Dr. Caroline Leaf – When it comes to our relationships, we often fall into the trap of behaving like we think we should, rather than getting to the root of why and how we really connect to other people. In this blog and podcast episode (#204), I speak with international speaker and human connection specialist Mark Groves about the nature of human connection, common relationship mistakes we all make, how to improve our relationships, the difference between vulnerability and oversharing, how to embrace our emotions and connections, what women need to know about men, what men need to know about women, and so much more!
One of the biggest things we need to realize is that love doesn’t just happen like some Disney movie. It is a skill set that everyone can learn. Indeed, relationships are hard work, and sometimes they end, and that is perfectly okay. We shouldn’t get trapped by society’s expectations or judgements about who or why we love or when we choose to walk away. Don’t stay in a relationship where you can’t be true to yourself. If you feel the need to perform all the time, then you will be unhappy.
Mark believes that we need to talk about the nature of love and human connection everywhere, even in the corporate world. Love is not just some “ooy goey” thing. If you get good at one type of human connection, aspects of your other relationships will start to improve. This is why we need to invest in the way we relate to each other, especially in the workplace, which will create safer and more productive workplaces, by helping build “families” at work.
To start improving the way we connect to others, especially in our romantic relationships, we need to focus on:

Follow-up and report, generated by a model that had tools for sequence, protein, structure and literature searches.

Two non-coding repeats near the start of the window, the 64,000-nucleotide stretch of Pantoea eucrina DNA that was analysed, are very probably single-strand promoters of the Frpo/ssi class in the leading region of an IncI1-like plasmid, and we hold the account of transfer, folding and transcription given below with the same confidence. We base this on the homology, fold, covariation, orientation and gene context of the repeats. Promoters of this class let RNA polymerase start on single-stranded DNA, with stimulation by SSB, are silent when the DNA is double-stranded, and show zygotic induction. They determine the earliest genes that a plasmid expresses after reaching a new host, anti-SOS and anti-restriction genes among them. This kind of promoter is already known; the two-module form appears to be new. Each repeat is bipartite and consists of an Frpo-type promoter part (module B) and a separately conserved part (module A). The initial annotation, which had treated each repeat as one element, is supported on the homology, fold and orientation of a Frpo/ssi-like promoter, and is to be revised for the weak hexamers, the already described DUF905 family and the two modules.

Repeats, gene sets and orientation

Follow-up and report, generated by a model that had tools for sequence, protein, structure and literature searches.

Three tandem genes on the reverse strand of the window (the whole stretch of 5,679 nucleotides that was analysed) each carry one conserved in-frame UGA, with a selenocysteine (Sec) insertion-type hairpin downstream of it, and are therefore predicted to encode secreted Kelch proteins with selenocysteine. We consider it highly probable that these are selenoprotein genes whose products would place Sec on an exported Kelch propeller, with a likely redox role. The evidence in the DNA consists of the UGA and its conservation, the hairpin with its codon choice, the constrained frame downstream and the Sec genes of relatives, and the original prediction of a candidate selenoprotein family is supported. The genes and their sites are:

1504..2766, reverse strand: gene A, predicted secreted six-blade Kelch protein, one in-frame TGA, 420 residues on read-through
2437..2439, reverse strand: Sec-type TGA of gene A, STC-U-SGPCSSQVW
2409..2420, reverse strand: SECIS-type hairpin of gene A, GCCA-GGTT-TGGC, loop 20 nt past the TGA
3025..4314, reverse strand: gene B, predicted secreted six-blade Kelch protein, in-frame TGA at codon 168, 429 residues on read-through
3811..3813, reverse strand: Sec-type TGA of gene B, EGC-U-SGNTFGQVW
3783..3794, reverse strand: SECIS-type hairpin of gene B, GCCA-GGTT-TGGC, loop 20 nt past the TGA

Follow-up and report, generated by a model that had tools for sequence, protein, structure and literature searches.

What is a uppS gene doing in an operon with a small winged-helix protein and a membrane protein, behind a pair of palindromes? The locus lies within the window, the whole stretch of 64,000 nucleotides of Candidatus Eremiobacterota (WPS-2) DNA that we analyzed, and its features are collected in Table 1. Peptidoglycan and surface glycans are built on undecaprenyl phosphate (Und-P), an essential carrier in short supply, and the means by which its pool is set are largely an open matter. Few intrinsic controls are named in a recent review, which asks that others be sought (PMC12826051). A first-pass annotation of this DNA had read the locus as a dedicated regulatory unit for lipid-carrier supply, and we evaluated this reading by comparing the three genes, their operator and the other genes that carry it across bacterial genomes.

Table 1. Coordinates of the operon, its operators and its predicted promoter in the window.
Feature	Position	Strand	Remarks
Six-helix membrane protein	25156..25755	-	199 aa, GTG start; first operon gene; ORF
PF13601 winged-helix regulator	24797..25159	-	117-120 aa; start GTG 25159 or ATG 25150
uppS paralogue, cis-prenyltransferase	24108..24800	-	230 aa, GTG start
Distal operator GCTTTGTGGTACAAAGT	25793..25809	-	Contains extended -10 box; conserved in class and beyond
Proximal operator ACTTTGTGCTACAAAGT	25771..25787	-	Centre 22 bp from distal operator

1. Communication issues.
As the saying goes, it takes two to tango! Communication is a dance; each action and reaction will cause a response.
2. Thinking that the other person is always the issue or always wrong.
What we tend to struggle with in any area of our lives will be magnified in our relationships, especially romantic ones. Don’t just assume it’s always the other person. What baggage are you perhaps bringing into the relationship? How can you deal with this and reconceptualize your own story?
As I discussed on Mark’s podcast, what is happening in the brain with relation to our memories, relationships, and past experiences will affect how we function in any relationship. Thankfully, we can use mind-directed techniques to help relieve the intrusive thoughts that are affecting our relationships. For more on how to do this, listen to the interview!
You can also check out my app SWITCH, which may be helpful during this process. It is a great tool for helping you learn how to manage your mind, deal with the roots of your mental chaos, and overcome negative thought patterns and behaviors that impact your mental health and relationships by using the mental process of reconceptualization.
3. A low tolerance for uncertainty.
Make room for change in a relationship, and learn to trust that change. Don’t just say things like “you usually attack me, but not this time… so, what’s the catch?” or “why are you not shouting? I am suspicious….”. Have tolerance for not knowing how conversation will go all the time.
4. Being reactive when someone doesn’t agree with you.